Lousy brakes and wobbly legs do not fare well in San Francisco. Draped over 43 hills, the city has many dauntingly steep streets.
If you decide to go around on foot – and you should because San Francisco packs a lot in a relatively small area – be ready for plenty of huffing and puffing.
Much of the city’s charm has to do with its topography. On a recent Singapore Airlines media familiarisation trip, there were opportunities, with or without elevation, to take in great scenery – the water surrounding the city; pretty homes hugging the hillsides; the undulating spread of buildings, streets and parks; and the Golden Gate Bridge and the San Francisco–Oakland Bay Bridge elegantly standing guard over the bay.
It helped that during our two days in San Francisco, our small group of Asian journalists stayed at The Ritz-Carlton. Perched on Nob Hill, the hotel is within walking distance of several of the city’s leading attractions and popular neighbourhoods.
These include Chinatown (“the largest Chinatown outside of Asia”); Union Square, where shoppers and their money are soon parted; North Beach, known as San Francisco’s Little Italy; and the bayside Fisherman’s Wharf and the Embarcadero.
Because the city’s cable cars are a National Historic Landmark, riding one of them should be on a first-time visitor’s checklist. But after that, walk whenever you can.
The San Francisco Museum of Modern Art is near the hotel too. Reopened in May 2016 after an expansion project, the museum has the ambition and quality to warrant a visit.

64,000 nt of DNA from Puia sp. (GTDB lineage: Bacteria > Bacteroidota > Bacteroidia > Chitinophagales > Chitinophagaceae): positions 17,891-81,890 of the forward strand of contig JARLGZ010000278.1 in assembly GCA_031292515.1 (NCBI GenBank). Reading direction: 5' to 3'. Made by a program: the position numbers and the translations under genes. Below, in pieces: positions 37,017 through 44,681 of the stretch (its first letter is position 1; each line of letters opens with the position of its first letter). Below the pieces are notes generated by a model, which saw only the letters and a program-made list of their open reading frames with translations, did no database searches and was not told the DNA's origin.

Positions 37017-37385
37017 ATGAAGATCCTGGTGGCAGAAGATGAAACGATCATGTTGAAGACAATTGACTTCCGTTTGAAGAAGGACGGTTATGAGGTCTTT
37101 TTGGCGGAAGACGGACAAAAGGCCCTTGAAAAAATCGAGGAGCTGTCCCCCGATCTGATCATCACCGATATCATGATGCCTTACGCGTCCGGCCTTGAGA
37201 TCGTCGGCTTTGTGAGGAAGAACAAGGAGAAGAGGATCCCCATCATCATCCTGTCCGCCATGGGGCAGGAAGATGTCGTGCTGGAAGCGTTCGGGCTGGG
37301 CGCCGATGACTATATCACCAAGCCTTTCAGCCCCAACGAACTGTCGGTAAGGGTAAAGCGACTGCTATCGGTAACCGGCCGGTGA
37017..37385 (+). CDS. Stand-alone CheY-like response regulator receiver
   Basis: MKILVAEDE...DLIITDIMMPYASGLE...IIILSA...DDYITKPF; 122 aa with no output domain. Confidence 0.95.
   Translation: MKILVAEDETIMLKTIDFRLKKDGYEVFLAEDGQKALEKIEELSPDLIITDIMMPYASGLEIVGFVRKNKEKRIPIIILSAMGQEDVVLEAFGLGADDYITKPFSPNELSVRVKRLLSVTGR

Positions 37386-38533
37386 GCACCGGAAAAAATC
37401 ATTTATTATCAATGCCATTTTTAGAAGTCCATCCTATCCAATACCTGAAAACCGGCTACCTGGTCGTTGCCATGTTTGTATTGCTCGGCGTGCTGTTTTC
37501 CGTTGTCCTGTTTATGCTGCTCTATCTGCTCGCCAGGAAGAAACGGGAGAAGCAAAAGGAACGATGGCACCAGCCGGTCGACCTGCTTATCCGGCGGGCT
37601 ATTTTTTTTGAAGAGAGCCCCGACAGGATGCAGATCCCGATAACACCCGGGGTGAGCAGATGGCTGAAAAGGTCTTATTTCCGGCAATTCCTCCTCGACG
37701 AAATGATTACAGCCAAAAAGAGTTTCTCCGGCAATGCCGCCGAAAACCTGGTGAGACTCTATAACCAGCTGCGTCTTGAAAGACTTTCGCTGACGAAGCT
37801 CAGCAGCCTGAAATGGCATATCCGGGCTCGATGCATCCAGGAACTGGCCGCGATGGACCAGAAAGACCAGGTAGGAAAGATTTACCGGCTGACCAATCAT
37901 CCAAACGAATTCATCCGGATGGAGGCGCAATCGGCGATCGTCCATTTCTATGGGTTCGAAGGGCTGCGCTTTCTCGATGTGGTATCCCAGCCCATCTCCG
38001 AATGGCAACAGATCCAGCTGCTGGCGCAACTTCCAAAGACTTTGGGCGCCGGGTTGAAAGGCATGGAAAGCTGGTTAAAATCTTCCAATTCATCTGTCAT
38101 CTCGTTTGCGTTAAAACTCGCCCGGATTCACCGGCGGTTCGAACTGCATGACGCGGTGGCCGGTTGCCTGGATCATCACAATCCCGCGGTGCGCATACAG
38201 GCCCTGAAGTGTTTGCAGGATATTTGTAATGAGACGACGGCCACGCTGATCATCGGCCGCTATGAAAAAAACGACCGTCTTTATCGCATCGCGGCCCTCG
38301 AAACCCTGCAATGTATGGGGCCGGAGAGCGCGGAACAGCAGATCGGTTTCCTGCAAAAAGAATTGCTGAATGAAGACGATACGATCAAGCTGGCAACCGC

About 10 minutes from Lombard Street – the “World’s Crookedest Street” – is the waterfront district.
All over the world, people go to places like these for seafood, shopping and to soak up the laidback seaside vibe. But in San Francisco, you can also pretend to be a naturalist studying wild California sea lions hauled out on floats at Pier 39.
From there, it is a short walk to Pier 33 to board a ferry to Alcatraz Island.
The federal prison on the Rock closed more than 50 years ago. Now part of a national park, the island receives about 1.3 million visitors a year.
How things have changed at Alcatraz. It used to house “the country’s most dangerous convicts”, but these days, the only thing visitors should fret about are uneven pavements, cracks and steps.
And when a park ranger urges you to come up with an escape plan, he means you ought to know the ferry departure schedule.
Make sure you allow for the 45-minute audio tour, a rich and smartly written aural re-enactment of life in Alcatraz.
The recording introduces characters such as the prisoner who practised the slide trombone daily despite knowing only three notes, and another who had been taught to crochet by his grandmother and passed on that skill to fellow inmates. After his release, a prisoner who had enjoyed gardening while at Alcatraz, wrote to the warden to request for a rose plant.
These bright moments of humanity are nice touches, but as you walk through the cellhouse, you cannot avoid feeling the suffocation and fear that comes with prisoner status.
The most dangerous room in this building was the dining hall. In the hands of dozens of criminals sitting together, metal knives, forks and spoons could turn into weapons in a flash. And in the kitchen, silhouettes had been painted on the knife rack so that correctional officers could immediately tell if a knife was missing.
It is impossible to get enough of San Francisco in merely two days, but we often have to go where our itinerary takes us. If that puts us in the Napa Valley, it is not a bad thing at all.
About an hour’s drive north of the city via the Golden Gate Bridge, the Napa Valley is by no means a sprawling wine region. The valley floor is less than 50km long and gets no wider than 8km.